Terrorism does not subsist in bombing and shootings alone. Bad, corrupt governance forced on the people is greater terrorism than group or sect terrorism. Bad governance consumes a lot more lives than group terrorism. It is State terrorism when leaders wickedly fail to do projects that positively impact on the living standard of the people they lead. It is terrorism when leaders spend abroad public funds treating themselves and their families for as minor an ailment as catarrh when the sane thing to do is to establish at home for everybody the same standard of healthcare facilities they run abroad to squander public money on. Leaders are terrorists when they condemn their people to die of ailments that are avoidable if they (leaders) would only do the required.
It is terrorism when leaders criminally amass hectares of land and steal public funds to own sprawling mansion estates in the Federal Capital Territory, or any part of Nigeria for that matter, while they fail to do affordable mass housing projects for their people, knowing full well that the land and funds to do such projects are patently available. It is greater terrorism by leaders, as a result of their insensitive inconsideration, to be indiscriminately demolishing the little shelters the people labour so hard to put up. After all, if the leaders were selfless, what we would have now are planned, organised, truly low-cost housing units the people can conveniently afford, rather than the slums that the people are driven to inhabit.
It is also State terrorism to have allowed electricity supply to degenerate to such an abysmally low level as to retard Nigeria to the Dark Age, when the country has for many years been a consistent earner of billions of dollars from oil and funds to provide constant power is no problem.
The same story goes for transportation, where senseless neglect of the rail network has condemned Nigerians to permanent use of roads with deathly quality. The extent of State terrorism can well be gauged by imagining the huge number of lives that had been lost in road accidents that would have been avoidable if the rail transport was functional and the roads were well built; in fire accidents and fumes arising from generating sets because of power outages; and in health challenges because of poor healthcare delivery. Surely, deaths from Boko Haram killings will pale into an insignificant number when juxtaposed with those caused over the years by the leaders’ criminal neglect of their responsibilities.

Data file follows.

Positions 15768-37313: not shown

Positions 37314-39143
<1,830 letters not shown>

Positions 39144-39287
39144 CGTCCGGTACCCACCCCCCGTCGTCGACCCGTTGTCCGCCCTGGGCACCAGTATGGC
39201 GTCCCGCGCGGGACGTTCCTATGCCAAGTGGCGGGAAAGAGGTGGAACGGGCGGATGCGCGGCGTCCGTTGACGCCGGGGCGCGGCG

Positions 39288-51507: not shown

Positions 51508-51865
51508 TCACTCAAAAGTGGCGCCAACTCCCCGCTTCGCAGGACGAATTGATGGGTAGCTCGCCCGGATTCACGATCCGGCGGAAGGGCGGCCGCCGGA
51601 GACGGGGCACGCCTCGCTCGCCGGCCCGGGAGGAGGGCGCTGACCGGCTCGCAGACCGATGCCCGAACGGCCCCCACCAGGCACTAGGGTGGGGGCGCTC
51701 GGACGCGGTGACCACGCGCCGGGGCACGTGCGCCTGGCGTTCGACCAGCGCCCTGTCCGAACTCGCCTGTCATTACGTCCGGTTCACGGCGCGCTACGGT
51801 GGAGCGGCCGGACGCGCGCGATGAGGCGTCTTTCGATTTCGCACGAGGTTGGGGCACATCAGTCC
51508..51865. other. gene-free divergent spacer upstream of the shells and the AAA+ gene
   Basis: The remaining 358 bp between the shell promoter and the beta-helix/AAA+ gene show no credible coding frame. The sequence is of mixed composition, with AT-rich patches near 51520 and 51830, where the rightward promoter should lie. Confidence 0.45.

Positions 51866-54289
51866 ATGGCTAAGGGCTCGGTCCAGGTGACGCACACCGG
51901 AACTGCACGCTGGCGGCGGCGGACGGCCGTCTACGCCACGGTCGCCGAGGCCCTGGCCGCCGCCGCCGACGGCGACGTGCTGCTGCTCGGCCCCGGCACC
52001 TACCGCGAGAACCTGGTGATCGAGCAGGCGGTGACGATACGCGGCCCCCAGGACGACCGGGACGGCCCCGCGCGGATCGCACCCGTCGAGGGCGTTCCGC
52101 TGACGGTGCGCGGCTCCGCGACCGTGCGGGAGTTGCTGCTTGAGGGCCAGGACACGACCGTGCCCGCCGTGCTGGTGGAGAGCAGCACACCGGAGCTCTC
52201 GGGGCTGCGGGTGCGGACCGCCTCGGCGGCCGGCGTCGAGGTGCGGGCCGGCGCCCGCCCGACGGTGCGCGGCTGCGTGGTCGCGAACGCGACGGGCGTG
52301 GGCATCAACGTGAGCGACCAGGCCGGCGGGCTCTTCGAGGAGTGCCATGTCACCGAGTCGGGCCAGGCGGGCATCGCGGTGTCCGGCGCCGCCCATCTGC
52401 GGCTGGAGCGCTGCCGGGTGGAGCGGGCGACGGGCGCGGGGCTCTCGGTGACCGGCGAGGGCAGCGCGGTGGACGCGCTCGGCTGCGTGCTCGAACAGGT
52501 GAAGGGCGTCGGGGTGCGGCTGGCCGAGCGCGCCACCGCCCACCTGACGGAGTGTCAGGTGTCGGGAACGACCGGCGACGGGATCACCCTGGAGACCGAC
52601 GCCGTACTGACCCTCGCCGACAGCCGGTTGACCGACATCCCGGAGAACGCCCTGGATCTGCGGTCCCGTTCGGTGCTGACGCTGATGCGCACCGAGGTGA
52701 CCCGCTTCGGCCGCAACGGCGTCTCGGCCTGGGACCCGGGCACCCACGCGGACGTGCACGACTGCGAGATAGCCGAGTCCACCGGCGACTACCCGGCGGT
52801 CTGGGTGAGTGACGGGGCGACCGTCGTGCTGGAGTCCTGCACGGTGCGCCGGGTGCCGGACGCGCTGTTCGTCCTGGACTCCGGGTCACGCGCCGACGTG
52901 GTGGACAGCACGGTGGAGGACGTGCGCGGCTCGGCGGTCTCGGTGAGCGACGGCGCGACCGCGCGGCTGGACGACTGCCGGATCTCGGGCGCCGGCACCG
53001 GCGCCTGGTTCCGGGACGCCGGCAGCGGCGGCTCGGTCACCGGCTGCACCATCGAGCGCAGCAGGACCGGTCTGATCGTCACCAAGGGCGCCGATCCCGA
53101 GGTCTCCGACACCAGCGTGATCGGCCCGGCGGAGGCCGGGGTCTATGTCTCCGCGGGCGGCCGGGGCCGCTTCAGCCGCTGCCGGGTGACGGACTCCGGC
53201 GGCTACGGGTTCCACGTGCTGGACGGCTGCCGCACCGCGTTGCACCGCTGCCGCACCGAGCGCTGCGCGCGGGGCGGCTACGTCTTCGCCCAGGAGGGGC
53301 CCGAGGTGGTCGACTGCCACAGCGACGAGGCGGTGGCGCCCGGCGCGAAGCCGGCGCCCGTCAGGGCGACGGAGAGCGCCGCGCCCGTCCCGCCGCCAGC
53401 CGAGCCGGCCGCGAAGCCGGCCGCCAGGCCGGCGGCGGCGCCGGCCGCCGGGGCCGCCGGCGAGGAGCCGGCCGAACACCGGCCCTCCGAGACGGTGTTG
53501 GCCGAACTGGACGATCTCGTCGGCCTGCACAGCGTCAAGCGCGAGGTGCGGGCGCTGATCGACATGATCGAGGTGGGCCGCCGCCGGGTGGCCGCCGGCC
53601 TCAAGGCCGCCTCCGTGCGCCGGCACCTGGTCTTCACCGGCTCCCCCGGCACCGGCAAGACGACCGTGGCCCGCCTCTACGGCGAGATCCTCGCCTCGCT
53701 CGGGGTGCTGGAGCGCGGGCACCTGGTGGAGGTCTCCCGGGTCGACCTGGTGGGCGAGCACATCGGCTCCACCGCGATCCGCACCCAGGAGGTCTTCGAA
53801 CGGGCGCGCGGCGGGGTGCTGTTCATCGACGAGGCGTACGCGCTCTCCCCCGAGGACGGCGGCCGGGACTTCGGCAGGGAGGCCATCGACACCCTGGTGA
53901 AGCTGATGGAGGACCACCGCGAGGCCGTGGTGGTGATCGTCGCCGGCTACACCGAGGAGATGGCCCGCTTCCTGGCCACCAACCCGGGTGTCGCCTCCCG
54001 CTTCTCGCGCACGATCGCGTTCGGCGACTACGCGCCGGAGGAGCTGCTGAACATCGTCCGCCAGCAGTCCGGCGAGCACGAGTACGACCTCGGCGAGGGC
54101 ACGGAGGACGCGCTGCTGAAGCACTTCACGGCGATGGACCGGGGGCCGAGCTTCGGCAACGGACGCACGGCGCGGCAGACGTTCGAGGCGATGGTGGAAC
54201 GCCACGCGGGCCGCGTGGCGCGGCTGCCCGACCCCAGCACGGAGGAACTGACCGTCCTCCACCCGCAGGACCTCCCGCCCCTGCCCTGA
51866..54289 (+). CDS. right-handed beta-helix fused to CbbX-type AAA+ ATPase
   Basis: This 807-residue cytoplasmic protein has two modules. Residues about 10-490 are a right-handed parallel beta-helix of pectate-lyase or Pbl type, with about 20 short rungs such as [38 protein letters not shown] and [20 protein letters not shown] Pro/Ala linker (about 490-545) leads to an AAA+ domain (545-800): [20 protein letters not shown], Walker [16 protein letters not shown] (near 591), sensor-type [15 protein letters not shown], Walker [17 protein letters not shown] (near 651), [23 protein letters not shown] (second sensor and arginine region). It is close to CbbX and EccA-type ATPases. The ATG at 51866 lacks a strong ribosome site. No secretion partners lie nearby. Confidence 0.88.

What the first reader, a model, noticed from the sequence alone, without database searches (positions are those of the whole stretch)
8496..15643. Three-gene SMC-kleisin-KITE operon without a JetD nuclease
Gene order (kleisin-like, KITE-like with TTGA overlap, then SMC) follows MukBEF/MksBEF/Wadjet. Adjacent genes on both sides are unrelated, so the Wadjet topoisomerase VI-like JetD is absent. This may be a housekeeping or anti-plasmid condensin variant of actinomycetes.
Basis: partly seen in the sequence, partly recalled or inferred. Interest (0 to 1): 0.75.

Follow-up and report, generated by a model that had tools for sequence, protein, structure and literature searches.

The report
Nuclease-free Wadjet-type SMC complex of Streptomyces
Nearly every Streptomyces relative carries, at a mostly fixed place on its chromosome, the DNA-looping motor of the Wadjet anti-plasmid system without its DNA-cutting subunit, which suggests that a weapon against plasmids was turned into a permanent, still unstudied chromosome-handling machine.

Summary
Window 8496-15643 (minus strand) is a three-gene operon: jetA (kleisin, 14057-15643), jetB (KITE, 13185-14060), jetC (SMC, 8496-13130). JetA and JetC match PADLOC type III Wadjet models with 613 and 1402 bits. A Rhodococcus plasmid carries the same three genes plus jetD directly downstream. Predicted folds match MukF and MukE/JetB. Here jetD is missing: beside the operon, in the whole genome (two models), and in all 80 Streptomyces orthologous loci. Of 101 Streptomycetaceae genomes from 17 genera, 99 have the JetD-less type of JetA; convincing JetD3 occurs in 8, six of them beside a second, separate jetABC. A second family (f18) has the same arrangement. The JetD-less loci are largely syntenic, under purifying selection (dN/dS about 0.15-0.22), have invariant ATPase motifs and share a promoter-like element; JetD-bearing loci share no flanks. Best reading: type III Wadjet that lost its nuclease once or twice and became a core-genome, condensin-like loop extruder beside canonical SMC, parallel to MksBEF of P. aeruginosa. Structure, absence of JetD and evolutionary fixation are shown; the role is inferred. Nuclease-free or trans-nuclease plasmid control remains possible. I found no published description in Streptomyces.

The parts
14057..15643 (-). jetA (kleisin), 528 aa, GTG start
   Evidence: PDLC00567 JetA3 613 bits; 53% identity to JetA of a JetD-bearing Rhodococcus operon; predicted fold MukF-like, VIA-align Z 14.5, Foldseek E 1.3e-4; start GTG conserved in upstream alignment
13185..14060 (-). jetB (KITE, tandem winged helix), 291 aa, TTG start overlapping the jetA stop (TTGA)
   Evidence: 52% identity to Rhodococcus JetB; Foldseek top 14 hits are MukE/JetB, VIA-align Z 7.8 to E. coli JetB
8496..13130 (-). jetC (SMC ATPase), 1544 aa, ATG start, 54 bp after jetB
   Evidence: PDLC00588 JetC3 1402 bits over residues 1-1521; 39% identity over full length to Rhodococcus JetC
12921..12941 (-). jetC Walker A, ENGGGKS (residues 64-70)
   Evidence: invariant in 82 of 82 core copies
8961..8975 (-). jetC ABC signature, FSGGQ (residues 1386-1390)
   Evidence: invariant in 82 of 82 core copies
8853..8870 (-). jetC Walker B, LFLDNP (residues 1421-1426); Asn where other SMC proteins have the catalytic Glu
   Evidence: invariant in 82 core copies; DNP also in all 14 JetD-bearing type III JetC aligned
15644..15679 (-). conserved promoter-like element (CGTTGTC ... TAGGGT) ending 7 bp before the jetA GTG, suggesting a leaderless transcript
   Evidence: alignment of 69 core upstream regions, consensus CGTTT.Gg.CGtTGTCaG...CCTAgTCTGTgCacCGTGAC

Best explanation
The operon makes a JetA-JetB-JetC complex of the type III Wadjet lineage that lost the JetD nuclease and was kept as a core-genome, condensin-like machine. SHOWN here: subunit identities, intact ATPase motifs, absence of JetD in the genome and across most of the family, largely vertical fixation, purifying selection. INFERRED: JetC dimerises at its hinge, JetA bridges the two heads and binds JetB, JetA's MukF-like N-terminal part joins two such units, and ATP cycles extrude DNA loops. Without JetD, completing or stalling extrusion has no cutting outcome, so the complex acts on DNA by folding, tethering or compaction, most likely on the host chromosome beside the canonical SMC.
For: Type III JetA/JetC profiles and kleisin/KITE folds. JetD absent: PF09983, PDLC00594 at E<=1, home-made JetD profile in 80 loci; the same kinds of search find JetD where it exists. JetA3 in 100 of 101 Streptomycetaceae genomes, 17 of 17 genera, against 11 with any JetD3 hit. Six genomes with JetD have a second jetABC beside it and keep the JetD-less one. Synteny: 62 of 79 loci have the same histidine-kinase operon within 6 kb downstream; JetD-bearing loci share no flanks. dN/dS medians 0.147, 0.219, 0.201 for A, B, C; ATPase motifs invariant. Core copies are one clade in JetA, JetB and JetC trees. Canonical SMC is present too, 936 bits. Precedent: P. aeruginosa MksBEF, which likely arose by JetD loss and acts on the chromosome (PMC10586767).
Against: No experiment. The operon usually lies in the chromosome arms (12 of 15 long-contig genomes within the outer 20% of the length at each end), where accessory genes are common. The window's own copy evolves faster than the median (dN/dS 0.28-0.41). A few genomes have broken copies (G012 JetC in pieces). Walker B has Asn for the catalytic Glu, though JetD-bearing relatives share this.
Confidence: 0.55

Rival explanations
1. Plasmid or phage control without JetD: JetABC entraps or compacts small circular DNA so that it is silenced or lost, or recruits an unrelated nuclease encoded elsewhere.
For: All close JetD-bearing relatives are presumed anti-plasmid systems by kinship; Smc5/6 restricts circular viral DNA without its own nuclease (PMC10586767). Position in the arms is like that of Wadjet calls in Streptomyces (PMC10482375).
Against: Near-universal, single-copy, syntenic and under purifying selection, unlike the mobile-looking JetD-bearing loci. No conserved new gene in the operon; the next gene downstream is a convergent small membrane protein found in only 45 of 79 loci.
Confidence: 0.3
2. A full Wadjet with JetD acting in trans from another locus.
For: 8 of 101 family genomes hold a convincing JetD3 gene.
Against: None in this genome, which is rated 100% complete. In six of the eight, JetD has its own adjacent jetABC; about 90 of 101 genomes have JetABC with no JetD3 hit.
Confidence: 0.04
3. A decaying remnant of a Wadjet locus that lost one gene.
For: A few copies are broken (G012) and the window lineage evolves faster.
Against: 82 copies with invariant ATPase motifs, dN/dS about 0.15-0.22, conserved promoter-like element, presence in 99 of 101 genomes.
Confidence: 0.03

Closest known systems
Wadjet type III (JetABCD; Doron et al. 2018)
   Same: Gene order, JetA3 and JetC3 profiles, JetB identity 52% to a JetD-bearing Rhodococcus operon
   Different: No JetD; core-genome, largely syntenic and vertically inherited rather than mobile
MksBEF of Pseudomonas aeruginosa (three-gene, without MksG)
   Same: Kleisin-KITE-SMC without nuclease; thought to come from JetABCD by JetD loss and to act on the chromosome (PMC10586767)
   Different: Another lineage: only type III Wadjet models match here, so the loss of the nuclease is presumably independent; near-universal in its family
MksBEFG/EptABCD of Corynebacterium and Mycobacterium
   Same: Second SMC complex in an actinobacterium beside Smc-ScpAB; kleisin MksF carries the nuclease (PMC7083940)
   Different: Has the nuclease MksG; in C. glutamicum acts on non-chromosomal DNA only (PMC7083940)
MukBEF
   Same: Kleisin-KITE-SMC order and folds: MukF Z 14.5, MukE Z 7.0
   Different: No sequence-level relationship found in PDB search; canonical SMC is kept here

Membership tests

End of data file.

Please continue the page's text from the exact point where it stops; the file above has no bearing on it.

Of course, it is a brazen display of State terrorism when a leader celebrates corrupt aides around him, pardons so many corrupt looters of the public treasury, spends public funds indiscriminately in pursuit of a personal interest, subverts justice in the courts, does every criminal act in the book to capture power at the polls rather than allow the people’s will to genuinely prevail, and buy legislators’ conscience in state Houses of Assembly with a view to pitting them against their governors and seizing control of the state. The current oppressive environment of leadership inanities in Nigeria towards 2015 is State terrorism at its worst if-Nigeria-can-scatter-let-it impudence.
It may well scatter very soon, not directly through group terrorism, but through the imperious acts of State terrorism. The leaders are beating the drum loudly.
As we shout about containing Boko Haram, there is the need for the frank talk that peace can’t exist in an unjust environment that State terrorism breeds. State terrorists who cruelly deprive the people of their electoral will, who misappropriate public funds so impertinently, who abuse the Rule of Law so flagrantly and who consign the people to poverty can only be fertilising group terrorism to germinate, if not immediately, later. It is Boko Haram today; it will be another more vicious terrorist group tomorrow, unless leaders turn altruistic and allow true democracy to reign.
Allow true to democracy to reign? Nothing yet indicates that will happen in Nigeria anytime soon. Something decisive will have to give to force it. There is no deceiving ourselves that that something won’t be very, very conflagrative.